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The Little Union Baptist Church was a church for Blacks that was organized after April 1870, when land was bought by its trustees. The church was located at the end of 5th Street in Calhoun. Looking through local newspapers gives us just a bit of information about the church.

The play, “Manless Wedding,” was given at the Glenville School the evening of April 19, 1934, by the Little Union Baptist Church.

The first funeral found in an Owensboro newspaper, for a congregant of Little Union, was in 1936 for Henry Goodwin, “a respected citizen,” with services at the church, and burial in Calhoun Cemetery. Mary Wright passed away Feb. 9, 1941 in Calhoun; her obituary stated that she was 110 years of age, “the oldest person in McLean County and the last surviving slave in the county.” Her funeral services were also conducted at Little Union, with burial in Calhoun Cemetery.

A quartet from Little Union sang at Island Baptist Church during the Women’s Missionary Society’s Week of Prayer in March 1941. The Little Union Church hosted the Calhoun Negro School Commencement on May 18, 1952. Songs in the program included “Battle Hymn of the Republic” and “The Night Was Made for Love.”

One November 1960 obituary noted that there were less than a dozen members at Little Union; but the congregation kept going. The Traveling Notes Gospel Chorus of Owensboro gave a gospel singing program in June of 1961, and annual homecomings, which had been happening for years were still held—along with basket dinners (now more commonly called potlucks). The last noted Annual Homecoming and basket dinner was Oct. 6, 1963, and had this write-up in the McLean County News, “The homecoming at the Little Union Baptist Church was attended by 200 or more people from Louisville, Owensboro, Hopkinsville, Central City, Sacramento and Rumsey. The specials by the choir from Hopkinsville, the solos by different ones and the sermon by the Rev. Mr. Green of Hopkinsville, were very enjoyable. The nice offering was very much appreciated.”

Little Union closed about 1973, when the last few remaining members went elsewhere to attend services. In 1975 Pentecostal services started at Little Union, with various ministers preaching, and singing groups coming in from time to time. The church was now open to everyone. Bro. Chester and Sister Dorothy Todd became pastors of Little Union in Nov. 1975, changing the name to Whosoever Will Mission in 1977. Three years later, on Jan. 27, 1980, the Whosoever Will Mission had completed construction, and moved into their new building on Hwy. 81. Sadly, the Little Union Baptist Church, at the end of 5th Street, remains abandoned.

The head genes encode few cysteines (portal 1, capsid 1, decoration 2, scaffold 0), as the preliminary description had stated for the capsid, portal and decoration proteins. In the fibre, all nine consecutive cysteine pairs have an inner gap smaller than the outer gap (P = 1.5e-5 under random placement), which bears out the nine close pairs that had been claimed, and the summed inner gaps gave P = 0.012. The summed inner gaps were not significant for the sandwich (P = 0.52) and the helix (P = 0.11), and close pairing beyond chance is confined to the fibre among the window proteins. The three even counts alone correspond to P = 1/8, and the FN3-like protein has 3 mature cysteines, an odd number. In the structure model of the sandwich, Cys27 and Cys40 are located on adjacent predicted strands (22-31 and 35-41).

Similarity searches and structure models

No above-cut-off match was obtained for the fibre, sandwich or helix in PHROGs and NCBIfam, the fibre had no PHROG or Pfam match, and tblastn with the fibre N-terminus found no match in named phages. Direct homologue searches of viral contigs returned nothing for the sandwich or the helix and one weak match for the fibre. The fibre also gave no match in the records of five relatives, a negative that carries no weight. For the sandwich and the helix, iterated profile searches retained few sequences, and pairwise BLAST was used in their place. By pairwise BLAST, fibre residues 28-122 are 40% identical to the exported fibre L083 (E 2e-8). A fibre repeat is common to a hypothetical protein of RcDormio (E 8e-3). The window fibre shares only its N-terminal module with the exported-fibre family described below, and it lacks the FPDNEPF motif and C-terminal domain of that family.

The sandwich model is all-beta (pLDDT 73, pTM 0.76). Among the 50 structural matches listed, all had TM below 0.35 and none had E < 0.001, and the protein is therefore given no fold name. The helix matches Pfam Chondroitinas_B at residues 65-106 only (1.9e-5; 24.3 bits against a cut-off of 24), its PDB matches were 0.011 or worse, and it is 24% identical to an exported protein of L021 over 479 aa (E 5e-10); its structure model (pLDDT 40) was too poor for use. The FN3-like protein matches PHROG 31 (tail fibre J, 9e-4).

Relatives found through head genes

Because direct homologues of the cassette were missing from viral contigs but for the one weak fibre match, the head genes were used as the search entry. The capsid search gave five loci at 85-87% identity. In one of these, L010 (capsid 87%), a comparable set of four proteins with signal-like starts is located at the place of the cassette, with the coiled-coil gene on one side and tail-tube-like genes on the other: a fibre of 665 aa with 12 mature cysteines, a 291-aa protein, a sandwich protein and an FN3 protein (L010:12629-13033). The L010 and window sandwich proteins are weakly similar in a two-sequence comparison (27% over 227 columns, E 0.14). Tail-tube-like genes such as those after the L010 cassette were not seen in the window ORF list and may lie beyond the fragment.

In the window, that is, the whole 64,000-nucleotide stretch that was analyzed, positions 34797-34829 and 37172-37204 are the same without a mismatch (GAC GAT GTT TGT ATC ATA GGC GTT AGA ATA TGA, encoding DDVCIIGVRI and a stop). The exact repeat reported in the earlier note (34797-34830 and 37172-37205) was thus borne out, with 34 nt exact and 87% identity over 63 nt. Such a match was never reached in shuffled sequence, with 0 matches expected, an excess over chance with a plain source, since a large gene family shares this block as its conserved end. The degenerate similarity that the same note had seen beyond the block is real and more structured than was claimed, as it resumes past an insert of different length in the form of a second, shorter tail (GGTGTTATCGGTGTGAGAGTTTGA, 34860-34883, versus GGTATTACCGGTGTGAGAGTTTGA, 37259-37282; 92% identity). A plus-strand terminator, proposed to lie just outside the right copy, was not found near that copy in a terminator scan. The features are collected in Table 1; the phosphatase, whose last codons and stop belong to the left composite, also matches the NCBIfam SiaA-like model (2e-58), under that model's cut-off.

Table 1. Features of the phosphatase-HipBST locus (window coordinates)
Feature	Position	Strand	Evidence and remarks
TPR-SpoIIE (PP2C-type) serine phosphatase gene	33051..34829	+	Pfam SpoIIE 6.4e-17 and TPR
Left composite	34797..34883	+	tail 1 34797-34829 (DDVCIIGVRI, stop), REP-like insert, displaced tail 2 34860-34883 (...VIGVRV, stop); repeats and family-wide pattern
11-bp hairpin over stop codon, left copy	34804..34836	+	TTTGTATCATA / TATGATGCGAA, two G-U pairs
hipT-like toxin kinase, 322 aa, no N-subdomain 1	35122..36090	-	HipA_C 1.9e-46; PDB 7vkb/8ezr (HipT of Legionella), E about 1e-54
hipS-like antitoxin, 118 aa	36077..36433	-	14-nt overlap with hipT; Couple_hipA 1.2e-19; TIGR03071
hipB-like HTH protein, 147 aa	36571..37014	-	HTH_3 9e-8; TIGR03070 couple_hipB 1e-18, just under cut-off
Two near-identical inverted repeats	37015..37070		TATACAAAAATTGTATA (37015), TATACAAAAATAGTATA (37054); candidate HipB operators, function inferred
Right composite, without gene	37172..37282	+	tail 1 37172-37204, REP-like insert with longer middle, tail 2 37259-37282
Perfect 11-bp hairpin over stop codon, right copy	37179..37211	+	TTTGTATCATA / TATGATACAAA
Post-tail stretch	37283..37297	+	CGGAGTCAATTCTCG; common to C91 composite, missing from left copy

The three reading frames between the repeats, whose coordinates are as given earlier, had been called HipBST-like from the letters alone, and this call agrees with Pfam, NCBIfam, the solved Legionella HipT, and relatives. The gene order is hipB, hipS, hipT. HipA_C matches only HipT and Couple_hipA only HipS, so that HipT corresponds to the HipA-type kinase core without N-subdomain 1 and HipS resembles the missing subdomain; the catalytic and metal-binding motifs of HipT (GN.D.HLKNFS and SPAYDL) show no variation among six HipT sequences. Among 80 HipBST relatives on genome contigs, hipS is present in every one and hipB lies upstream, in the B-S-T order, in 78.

The Museum has information on the Johnson and Murphy families, who were members of the Little Union Church congregation. If anyone has more information on Little Union or the families that attended services there, please contact us so that we can add your information to what we currently have. We also have information on all other McLean County churches.

Please save the date for the Grand Opening/Open House on Sat., August 8, from 10 a.m. to 2 p.m. We hope you’ll be able to join us!

Both the Museum and the Treasure House are open Mondays, Wednesdays and Fridays. The Treasure House hours are from 10 a.m. to 4 p.m. The Museum hours are from 9 a.m. to 4 p.m. Please provide your own mask to enter both the Treasure House and the Museum. There is additional parking in the rear, which you can get to by driving through, between the Museum and the Treasure House.

You can reach us at the Museum by emailing info@mcleancountykymuseum.org, or by calling 270-499-5033. If we are not in, please leave a voicemail message, and we will get back with you as soon as we can. Wishing everyone a safe week, and hope to see you soon!

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